While it is far too early for polls to be genuinely predictive, a new crunching of the numbers has produced a plausible scenario where the crossbench including Xenephon will simply be irrelevant, and the Greens alone will hold the balance of power in the Senate if numbers are fairly even in the HoR.
Metapoll intends to do polling of voters intentions for the senate, as will no doubt other pollsters. Meanwhile they have analysed recent polls by other organisations and inferred from them a senate result using the NSW upper house election data as a proxy for preference flows, as its voting system is most similar to the new senate voting laws. This is how it came out:
Both major parties fail to win a majority.
- The Coalition would have lost two seats, from 33 seats to 31 seats. Labor would have gained three seats, from 25 seats to 28 seats.
On the cross-bench, the Greens would have gained one additional seat, bringing their total to 11 seats. The Nick Xenophon team would have quadrupled their current representation, picking up a total of 4 seats (one third of the SA seats). MetaPoll predicts that Jacqui Lambie (TAS) and Glenn Lazarus (QLD) will be the only other crossbenchers to retain their seats
To pass legislation needs 39 votes. The LNP together with the crossbench only make 37. Labor with the Greens would have 39. In such circumstances the media would not be interested in what Nick Xenephon, Jacqui Lambie or Glenn Lazarus think about contentious legislation, but would be knocking down Di Natale’s door. This is how the present and predicted senates look:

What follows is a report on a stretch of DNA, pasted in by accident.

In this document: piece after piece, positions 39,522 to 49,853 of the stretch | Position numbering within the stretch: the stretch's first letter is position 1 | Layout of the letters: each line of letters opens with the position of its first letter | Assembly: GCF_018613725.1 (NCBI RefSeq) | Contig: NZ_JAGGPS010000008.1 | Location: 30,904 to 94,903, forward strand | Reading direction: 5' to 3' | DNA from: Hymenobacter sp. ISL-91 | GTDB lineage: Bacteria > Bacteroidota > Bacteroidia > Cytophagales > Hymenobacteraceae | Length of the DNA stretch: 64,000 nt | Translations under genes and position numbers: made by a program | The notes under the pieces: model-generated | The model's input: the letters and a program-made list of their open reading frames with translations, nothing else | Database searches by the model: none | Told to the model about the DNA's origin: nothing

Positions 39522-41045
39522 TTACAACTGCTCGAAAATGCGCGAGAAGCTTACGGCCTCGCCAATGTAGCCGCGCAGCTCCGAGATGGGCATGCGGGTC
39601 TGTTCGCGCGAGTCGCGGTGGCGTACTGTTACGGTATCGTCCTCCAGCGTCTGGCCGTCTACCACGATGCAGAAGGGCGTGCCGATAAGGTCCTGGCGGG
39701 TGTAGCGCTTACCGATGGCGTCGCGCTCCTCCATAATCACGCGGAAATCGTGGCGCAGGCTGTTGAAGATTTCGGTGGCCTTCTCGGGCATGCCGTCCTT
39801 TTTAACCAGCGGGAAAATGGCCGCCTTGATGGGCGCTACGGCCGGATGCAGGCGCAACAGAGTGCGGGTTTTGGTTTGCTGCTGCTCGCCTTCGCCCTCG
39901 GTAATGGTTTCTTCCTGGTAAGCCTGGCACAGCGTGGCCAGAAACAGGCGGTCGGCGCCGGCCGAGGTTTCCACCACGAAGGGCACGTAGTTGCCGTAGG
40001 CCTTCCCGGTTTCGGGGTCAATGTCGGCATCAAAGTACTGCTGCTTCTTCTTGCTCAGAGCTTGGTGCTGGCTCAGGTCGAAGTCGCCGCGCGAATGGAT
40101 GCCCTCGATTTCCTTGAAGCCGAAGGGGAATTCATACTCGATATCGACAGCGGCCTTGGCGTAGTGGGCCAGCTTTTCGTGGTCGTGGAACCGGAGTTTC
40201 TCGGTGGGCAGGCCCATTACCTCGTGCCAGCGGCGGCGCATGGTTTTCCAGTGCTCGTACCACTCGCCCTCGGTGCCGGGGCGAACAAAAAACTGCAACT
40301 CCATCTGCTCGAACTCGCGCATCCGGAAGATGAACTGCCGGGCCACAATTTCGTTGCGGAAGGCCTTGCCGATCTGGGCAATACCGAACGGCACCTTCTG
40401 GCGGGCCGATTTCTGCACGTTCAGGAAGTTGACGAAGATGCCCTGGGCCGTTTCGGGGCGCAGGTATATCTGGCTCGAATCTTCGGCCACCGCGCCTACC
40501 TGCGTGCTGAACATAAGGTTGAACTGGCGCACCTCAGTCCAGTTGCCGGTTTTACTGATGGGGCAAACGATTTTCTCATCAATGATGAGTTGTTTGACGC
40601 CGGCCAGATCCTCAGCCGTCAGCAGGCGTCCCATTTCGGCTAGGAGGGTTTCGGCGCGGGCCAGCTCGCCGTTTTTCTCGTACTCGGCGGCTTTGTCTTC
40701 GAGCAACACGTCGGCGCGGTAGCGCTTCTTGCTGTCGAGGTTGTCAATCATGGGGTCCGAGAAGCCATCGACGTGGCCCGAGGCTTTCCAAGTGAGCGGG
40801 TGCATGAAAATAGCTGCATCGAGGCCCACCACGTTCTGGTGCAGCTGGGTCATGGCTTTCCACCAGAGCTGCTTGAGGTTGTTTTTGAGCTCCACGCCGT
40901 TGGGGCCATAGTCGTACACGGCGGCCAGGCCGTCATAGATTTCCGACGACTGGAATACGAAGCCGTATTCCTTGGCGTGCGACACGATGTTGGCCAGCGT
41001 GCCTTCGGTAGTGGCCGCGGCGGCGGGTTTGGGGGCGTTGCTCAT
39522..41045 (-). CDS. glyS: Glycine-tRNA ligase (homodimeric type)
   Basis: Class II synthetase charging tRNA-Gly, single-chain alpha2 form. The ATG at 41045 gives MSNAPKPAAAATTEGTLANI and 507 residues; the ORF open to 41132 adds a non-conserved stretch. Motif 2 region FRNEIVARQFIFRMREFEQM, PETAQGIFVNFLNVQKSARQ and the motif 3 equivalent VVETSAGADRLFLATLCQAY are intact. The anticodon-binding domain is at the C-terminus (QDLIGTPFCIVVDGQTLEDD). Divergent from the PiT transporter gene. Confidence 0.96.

The polls they used have Labor and the LNP pretty much even on two-party preferred terms. Recently Roy Morgan has Labor ahead 52.5-47.5 and Essential 51-49. I understand, though, the LNP vote is holding up where it counts, in the marginals.
The polls are likely to swing to the LNP as a result of the kerfuffle over asylum seekers. In brief Peter Dutton reacted to the Greens policy of increasing the humanitarian refugee intake to 50,000 per annum from the present 13.750 by saying many rewfugees would be illiterate and innumerate in their own language, but would take our jobs while also clogging up the dole queue. Turnbull responded by praising his immigration minister.
The press has been dumping on Turnbull:
- Michelle Grattan said that if returned Turnbull should dump Dutton as a minister, and that Dutton’s comments were crude and inflammatory. But Turnbull’s own comments praising his “outstanding minister” were “a combination of shocking and ridiculous”.